When a dog goes into labour to give birth to puppies, it is called "whelping." Problems can occur during whelping that can lead to the death of the mother or the puppies or both. Quick action by the owner can help save these canine lives. Since whelping can take place any time of the day or night, a pregnant dog's owner should know how to contact an emergency veterinarian if the regular vet is off duty.
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Dystocia occurs when the puppies are larger than the mother dog's birth canal. The puppies get stuck in the canal during whelping and die. The mother dog may also die, from the decomposition of the foetuses. Dystocia happens mostly to dog breeds with big heads and narrow waists, such as English bulldogs, Boston terriers, pugs and Chihuahuas.
Symptoms of canine dystocia include the mother not being able to give birth to a puppy despite being in labour more than one hour; whining, crying and other signs of pain while she's in labour; and not whelping a single puppy more than 70 days after mating. If the mother dog has whelped one or more puppies and is still in labour after a half-hour, she probably has another puppy stuck inside of her birth canal and needs veterinary attention.
According to "Dog Owner's Home Veterinary Handbook," another common whelping problem is when the uterus stops all contractions (uterine inertia). Giant breeds of dogs such as Great Danes or Irish wolfhounds are prone to this problem.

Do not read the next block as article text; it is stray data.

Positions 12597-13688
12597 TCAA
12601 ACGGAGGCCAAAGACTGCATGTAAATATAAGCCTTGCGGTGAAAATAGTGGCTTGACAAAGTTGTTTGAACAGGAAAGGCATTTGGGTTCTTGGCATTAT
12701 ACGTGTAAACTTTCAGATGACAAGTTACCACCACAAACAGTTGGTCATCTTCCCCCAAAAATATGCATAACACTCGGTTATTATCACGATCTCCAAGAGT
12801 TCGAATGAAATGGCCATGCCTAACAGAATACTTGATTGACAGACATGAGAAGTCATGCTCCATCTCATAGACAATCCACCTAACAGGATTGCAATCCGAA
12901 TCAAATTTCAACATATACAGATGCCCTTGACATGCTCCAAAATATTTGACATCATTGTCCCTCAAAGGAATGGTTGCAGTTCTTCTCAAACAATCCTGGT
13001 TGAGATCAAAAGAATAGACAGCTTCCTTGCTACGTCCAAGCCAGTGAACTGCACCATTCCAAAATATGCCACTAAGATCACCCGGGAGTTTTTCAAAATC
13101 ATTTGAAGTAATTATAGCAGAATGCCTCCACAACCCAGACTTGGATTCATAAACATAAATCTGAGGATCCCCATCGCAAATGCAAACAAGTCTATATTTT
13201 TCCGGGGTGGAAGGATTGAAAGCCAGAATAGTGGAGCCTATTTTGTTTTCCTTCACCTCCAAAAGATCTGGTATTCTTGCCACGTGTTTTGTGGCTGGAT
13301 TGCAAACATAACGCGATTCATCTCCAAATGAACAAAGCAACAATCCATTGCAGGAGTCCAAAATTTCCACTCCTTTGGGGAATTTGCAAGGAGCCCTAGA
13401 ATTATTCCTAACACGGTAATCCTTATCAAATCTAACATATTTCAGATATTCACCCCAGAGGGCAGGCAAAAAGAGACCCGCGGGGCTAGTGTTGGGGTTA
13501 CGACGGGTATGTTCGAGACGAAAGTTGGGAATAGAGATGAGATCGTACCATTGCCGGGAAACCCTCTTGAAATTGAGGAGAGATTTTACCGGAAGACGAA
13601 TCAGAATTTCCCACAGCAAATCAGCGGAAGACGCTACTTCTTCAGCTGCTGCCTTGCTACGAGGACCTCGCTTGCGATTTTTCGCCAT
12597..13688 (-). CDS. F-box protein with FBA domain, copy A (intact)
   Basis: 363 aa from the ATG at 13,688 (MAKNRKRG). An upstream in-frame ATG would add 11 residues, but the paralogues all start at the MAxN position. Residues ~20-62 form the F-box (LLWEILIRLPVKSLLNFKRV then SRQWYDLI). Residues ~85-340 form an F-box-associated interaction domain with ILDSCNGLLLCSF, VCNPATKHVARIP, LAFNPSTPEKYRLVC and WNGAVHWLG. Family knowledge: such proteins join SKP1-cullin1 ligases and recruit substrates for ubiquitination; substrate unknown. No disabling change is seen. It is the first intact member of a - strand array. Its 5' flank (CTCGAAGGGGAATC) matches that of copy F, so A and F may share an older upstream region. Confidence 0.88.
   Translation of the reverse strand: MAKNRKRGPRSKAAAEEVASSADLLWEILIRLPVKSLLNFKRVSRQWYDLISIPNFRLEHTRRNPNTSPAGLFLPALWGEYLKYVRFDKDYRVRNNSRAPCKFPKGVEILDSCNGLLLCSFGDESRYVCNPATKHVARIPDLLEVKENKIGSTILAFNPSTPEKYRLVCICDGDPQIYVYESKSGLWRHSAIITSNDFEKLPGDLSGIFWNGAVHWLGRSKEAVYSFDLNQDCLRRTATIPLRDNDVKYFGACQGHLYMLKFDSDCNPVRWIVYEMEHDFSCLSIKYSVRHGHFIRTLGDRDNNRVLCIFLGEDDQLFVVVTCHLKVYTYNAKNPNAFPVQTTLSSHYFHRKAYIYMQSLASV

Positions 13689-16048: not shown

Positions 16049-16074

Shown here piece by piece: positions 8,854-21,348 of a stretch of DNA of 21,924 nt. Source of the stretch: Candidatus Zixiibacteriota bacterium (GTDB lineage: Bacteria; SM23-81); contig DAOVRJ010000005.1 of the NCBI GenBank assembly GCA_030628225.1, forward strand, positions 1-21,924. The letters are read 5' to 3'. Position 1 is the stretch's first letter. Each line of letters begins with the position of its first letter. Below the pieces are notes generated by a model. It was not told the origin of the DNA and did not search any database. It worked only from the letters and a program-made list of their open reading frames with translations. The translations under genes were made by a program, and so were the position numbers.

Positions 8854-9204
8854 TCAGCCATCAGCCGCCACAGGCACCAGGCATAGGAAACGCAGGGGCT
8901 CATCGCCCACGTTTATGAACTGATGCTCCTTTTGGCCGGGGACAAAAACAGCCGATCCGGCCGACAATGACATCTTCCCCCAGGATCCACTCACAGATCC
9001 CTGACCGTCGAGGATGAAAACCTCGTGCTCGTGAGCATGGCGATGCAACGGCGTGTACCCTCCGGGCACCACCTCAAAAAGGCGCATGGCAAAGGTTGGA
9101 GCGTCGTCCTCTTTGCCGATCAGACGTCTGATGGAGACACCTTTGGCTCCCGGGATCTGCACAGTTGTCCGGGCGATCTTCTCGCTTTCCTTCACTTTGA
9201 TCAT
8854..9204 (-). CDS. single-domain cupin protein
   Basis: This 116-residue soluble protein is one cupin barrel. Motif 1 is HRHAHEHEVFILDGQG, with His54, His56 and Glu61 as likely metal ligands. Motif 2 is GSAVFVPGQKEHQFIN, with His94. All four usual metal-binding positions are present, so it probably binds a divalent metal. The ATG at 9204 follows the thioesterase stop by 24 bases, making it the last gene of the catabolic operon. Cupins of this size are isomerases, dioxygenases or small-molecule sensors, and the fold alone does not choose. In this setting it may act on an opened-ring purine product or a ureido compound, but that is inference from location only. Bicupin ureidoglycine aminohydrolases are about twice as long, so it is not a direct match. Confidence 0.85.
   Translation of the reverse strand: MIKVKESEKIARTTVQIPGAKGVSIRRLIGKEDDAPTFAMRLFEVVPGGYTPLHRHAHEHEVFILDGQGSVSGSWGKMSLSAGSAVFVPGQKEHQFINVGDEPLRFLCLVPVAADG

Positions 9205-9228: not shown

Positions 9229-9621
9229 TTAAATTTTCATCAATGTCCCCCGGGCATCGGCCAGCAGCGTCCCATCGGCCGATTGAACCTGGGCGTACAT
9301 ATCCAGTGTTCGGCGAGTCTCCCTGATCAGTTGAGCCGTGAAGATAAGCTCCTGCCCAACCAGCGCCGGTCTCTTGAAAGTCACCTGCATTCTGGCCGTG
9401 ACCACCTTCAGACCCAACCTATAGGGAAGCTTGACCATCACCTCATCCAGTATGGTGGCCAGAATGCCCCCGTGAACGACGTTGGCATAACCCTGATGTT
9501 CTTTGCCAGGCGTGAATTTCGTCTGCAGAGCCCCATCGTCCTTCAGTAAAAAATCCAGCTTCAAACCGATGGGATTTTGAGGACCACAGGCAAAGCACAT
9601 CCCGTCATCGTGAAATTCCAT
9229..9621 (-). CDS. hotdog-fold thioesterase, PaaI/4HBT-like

This can happen during the birth of a large litter, when the mother's uterus is stretched out and exhausted. Uterine inertia can also happen when the mother is large and there is only one small puppy in the litter. It can also happen to a first-time mother who is scared of the pain and is not sure what is going on.
"Dog Owner's Home Veterinary Handbook" notes that toy or small breeds may develop hypocalcaemia (low blood calcium). This can happen in larger female dogs while they are nursing, but in small dogs it can happen during whelping. The mother dog will go into seizures, uncontrollable tremors or shock.
Early Placental Separation
In a normal whelping, the placenta separates from the puppy right before it goes into the vagina. According to "Dog Owner's Home Veterinary Handbook," the puppy should come out of the mother first, followed by the placenta. But early separation from the placenta in the uterus or cervix can result in a puppy's death. In early placental separation, the mother dog passes only dark, greenish-black thick material (the placenta) but there is no sign of a puppy.
Uterine Torsion or Rupture
Torsion or rupture is a severe internal injury to the uterus during whelping. The mother may suddenly pass large amounts of blood without any puppies, placentas or discharge. She may also show symptoms of extreme pain, such as whimpering, screaming, a sudden drop in temperature, thready pulse, unconsciousness or gums turning pale.
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